It’s 20 years since Martin Keown and Ruud van Nistelrooy locked horns. Old Trafford, September 21, 2003.
Keown was fined £20,000 for his part in the riotous eruption that followed a disputed red card for Patrick Vieira. Arsenal were angry and believed Van Nistelrooy had conned the referee with his reaction.
It was the escalation of years of intense rivalry between the two best teams in the country and, after Van Nistelrooy missed a late penalty in the 0-0 draw, Keown’s taunting celebration earned him a reputation and created one of the Premier League‘s iconic images.
This week, the cameras were rolling in our ‘It’s All Kicking Off’ studio with podcast hosts Ian Ladyman and Chris Sutton, a former opponent of Keown’s, firing in the questions. Keown – a Mail Sport columnist – dropped in to answer for his sins.
This is an abridged version of what happened next.
Martin Keown taunts Ruud van Nistelrooy following the Dutchman’s missed penalty as the Arsenal vs Manchester United rivalry erupted back in 2003
Keown re-enacts his taunt of Ruud van Nistelrooy to Chris Sutton and Ian Ladyman in the ‘It’s All Kicking Off’ studio 20 years on from the iconic Premier League moment
The trio gathered in the Mail Sport studio to discuss the ‘Battle of Old Trafford’ 20 years on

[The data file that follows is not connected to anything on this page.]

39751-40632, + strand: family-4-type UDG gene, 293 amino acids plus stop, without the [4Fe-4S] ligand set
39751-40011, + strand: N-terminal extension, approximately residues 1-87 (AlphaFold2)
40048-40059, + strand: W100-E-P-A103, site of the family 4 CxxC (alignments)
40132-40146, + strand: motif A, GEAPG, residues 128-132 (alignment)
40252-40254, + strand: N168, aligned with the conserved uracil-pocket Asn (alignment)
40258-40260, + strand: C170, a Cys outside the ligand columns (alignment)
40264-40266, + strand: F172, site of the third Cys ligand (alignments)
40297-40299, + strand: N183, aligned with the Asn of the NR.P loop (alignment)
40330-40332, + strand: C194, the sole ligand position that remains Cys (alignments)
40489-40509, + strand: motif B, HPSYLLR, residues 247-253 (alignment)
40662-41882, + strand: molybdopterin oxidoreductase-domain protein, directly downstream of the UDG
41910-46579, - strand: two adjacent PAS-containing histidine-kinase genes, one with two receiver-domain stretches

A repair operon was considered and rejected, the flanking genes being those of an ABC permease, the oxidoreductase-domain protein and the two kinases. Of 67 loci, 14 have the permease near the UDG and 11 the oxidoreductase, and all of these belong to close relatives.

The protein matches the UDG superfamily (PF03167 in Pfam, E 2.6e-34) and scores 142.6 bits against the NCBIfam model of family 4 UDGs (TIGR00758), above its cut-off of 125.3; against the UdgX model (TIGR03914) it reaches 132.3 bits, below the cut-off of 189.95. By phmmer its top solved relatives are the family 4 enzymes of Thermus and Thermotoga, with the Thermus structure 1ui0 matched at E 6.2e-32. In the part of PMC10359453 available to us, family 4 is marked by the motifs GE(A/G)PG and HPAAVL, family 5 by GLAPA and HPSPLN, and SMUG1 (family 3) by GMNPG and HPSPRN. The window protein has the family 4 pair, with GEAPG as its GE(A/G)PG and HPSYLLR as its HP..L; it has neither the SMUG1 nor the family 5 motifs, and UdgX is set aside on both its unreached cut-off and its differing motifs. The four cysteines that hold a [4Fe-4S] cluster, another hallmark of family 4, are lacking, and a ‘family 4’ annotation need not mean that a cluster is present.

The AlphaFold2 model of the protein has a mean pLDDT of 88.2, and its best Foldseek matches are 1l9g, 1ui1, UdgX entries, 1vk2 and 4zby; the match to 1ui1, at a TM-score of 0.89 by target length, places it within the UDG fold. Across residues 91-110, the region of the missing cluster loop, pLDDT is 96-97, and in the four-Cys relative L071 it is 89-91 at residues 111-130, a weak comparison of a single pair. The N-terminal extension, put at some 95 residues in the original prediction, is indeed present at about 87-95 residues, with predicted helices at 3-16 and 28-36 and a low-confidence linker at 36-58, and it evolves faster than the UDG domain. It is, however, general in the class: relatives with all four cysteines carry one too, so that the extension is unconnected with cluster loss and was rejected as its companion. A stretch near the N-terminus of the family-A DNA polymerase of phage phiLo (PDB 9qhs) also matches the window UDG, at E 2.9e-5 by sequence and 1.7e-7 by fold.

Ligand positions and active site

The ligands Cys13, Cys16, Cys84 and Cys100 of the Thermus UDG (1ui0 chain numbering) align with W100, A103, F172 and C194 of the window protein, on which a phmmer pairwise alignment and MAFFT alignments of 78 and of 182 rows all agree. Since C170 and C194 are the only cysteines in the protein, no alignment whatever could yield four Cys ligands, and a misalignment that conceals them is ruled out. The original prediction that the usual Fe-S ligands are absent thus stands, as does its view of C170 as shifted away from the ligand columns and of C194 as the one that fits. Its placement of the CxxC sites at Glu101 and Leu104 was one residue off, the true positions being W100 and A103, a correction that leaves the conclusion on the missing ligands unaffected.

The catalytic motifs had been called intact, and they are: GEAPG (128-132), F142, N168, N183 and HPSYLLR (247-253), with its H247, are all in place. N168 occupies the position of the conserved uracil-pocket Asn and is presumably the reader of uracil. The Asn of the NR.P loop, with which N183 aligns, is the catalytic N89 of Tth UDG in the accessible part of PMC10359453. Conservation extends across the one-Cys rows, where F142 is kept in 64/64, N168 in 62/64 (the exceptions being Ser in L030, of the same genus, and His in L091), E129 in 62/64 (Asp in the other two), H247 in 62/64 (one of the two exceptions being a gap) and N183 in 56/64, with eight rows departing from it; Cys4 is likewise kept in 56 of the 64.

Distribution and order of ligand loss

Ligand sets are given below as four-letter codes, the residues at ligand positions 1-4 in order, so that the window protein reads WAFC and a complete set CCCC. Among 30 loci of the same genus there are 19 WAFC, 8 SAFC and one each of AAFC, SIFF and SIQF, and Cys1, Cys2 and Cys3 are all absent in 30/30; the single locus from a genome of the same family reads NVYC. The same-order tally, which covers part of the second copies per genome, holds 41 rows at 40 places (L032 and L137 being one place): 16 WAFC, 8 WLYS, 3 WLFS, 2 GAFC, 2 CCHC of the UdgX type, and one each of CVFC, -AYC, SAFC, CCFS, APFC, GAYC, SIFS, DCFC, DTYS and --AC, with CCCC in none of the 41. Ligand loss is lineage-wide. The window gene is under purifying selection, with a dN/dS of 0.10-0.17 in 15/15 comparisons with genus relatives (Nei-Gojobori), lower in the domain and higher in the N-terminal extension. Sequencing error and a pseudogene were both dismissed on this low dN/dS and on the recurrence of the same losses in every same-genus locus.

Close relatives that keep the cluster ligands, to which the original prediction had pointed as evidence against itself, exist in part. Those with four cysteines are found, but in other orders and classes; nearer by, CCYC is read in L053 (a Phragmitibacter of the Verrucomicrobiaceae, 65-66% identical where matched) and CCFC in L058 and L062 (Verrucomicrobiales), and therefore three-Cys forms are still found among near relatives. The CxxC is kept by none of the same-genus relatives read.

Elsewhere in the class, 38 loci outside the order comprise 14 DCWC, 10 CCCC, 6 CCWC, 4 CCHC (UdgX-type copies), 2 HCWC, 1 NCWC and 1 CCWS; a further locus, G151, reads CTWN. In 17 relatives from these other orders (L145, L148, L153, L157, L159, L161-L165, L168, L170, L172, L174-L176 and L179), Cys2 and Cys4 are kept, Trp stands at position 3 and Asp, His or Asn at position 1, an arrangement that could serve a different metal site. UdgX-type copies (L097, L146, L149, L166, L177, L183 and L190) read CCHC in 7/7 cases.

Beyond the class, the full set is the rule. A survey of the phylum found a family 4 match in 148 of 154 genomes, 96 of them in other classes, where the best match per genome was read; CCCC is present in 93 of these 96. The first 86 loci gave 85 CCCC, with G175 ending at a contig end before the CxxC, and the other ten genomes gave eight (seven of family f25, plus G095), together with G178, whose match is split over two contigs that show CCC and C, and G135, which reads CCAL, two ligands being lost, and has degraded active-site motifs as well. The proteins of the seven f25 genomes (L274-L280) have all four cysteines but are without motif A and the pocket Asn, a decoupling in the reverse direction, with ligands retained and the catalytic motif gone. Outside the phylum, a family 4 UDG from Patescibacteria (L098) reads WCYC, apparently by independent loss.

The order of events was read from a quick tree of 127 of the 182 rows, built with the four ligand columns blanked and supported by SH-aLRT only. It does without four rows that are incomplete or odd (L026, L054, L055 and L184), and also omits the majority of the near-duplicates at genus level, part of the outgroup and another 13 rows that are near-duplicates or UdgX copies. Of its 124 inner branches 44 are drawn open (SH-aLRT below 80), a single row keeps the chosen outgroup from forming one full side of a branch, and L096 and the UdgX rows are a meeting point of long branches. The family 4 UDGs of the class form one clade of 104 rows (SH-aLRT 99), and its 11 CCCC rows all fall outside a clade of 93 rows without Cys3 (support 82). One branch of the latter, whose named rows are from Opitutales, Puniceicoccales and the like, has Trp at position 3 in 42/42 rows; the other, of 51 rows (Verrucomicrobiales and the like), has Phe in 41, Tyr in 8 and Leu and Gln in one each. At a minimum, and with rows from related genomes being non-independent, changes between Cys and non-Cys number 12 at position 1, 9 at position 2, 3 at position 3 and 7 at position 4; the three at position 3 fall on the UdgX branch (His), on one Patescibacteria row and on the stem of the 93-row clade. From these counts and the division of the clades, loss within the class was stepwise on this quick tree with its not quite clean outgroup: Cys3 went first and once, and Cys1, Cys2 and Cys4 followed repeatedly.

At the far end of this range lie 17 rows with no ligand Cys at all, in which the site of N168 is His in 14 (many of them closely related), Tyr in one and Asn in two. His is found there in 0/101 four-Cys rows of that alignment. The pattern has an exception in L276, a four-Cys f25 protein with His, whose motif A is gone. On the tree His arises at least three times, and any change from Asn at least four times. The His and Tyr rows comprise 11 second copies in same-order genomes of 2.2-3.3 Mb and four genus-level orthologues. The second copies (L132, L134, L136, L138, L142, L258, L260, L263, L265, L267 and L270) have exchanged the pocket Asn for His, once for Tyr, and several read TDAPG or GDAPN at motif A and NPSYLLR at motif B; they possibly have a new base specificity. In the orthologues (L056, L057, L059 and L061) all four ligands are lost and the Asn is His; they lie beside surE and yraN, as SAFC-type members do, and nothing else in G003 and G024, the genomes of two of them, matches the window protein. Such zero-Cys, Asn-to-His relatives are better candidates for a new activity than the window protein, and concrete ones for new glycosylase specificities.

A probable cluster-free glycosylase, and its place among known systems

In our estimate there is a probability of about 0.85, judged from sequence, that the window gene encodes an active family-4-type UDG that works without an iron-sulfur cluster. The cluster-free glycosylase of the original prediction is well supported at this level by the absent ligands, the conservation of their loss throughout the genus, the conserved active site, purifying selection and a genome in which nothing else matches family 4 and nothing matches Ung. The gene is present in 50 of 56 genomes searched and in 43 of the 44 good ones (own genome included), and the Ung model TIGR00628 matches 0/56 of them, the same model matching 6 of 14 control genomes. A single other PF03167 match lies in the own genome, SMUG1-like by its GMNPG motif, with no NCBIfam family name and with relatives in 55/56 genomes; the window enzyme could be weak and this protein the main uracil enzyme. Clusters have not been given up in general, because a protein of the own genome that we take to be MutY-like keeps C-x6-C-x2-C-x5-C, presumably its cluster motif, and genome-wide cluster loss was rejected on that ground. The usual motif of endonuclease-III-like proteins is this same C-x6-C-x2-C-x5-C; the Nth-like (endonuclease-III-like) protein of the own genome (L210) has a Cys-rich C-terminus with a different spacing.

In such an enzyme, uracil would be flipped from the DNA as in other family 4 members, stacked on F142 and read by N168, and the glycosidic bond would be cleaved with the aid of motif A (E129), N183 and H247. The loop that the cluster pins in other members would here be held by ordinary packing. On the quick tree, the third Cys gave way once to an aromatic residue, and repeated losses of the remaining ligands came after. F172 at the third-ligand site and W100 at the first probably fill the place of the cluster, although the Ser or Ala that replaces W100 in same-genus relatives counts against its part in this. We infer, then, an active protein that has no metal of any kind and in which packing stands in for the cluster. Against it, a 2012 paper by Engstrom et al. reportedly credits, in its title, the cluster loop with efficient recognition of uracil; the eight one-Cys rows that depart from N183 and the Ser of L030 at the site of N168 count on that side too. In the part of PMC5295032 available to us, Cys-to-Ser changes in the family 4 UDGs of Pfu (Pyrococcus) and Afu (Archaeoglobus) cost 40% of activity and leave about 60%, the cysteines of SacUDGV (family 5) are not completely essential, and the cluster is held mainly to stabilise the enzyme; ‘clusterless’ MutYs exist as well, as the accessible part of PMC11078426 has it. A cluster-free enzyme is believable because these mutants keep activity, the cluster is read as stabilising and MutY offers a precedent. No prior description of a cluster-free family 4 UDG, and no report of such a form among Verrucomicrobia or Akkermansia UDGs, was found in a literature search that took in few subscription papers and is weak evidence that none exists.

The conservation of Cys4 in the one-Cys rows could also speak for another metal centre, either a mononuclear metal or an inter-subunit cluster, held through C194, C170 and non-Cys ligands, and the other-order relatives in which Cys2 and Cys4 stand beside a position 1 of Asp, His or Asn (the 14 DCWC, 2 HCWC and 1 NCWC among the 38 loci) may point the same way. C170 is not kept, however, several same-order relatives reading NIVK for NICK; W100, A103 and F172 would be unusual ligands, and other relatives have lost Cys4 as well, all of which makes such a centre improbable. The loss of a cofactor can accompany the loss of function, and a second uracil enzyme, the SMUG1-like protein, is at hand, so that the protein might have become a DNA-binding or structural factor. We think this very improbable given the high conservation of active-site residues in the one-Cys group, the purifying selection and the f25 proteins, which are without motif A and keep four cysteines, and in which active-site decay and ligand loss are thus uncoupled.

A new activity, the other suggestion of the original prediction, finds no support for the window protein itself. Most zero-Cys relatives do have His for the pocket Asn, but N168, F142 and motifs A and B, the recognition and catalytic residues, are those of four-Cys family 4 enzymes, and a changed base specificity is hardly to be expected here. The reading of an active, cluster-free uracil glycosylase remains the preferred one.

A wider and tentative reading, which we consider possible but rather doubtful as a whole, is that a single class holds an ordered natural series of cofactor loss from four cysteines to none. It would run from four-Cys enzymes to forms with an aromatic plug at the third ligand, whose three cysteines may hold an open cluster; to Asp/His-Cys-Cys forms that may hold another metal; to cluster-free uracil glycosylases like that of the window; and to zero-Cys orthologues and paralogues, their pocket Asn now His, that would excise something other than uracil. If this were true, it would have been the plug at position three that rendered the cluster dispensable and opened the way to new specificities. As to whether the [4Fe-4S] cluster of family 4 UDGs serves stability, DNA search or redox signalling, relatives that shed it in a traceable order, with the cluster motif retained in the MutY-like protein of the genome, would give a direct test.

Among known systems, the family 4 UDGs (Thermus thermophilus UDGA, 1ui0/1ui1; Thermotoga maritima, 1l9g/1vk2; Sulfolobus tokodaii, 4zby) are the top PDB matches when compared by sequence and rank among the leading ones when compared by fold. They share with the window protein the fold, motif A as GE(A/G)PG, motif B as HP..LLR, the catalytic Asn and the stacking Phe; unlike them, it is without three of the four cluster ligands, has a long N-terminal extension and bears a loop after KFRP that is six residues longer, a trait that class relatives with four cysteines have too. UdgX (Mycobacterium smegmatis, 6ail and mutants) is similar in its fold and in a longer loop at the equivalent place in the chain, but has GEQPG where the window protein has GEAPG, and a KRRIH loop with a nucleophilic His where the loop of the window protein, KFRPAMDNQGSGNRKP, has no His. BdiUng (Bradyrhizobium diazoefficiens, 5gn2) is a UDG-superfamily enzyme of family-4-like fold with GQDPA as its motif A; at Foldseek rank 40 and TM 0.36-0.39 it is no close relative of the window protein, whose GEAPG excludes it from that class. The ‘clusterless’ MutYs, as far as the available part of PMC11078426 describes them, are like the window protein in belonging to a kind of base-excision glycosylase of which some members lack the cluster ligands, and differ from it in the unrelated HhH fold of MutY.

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Ladyman: Can you believe it was 20 years ago? One of the most infamous matches in Premier League history. It has its own Wikipedia page.
Keown: There isn’t a day goes by where someone doesn’t shout it at me or say something. On the train the other day, a crowded train and I’m going to the Wolverhampton game against Liverpool, Man United fans going up to Old Trafford, still giving me stick, still the banter is there.
‘You were the big man against Van Nistelrooy, Keown, weren’t you,’ one said.
‘Yeah and I’m the big man now… is there an issue? (laughs).’
Ladyman: Remind us. What happened on that day, the Battle of Old Trafford, in your words?
Keown: Van Nistelrooy goes up to challenge and is leaving all sorts on Patrick (Vieira). He’s gone in with his leg, he’s kicked out, and Patrick has tried to react a little bit.
And then Van Nistelrooy cowers away as if he’s been hit. The angle the referee has, you might say, that’s a good decision. VAR today would just completely wipe that out. It’s ridiculous.
You have to remember this was years and years of unrest between Manchester United and Arsenal. They were winning everything, but we were coming for them. They just didn’t like it.
Patrick Vieira was sent off for kicking out at Van Nistelrooy with 10 minutes of the game left
Referee Steve Bennett gives Vieira a second yellow card and a red as Keown looks on
Tempers immediately flared with Arsenal’s players accusing Van Nistelrooy of overreacting
Ladyman: I love the way that you describe United as ‘they’. There’s a real edge in your voice still, 20 years on. They, not Manchester United.
Keown: If you think about back in those days, they were winning every Premier League, and it was almost easy for them. And then suddenly this Frenchman comes along with all this array of talent.
I was giggling when these new players were coming into our Arsenal dressing room. The quality was unreal.
In those days, you’d be lucky to get a free-kick at Old Trafford, let alone a win. It was a really difficult place to go, but for us it wasn’t. We loved it.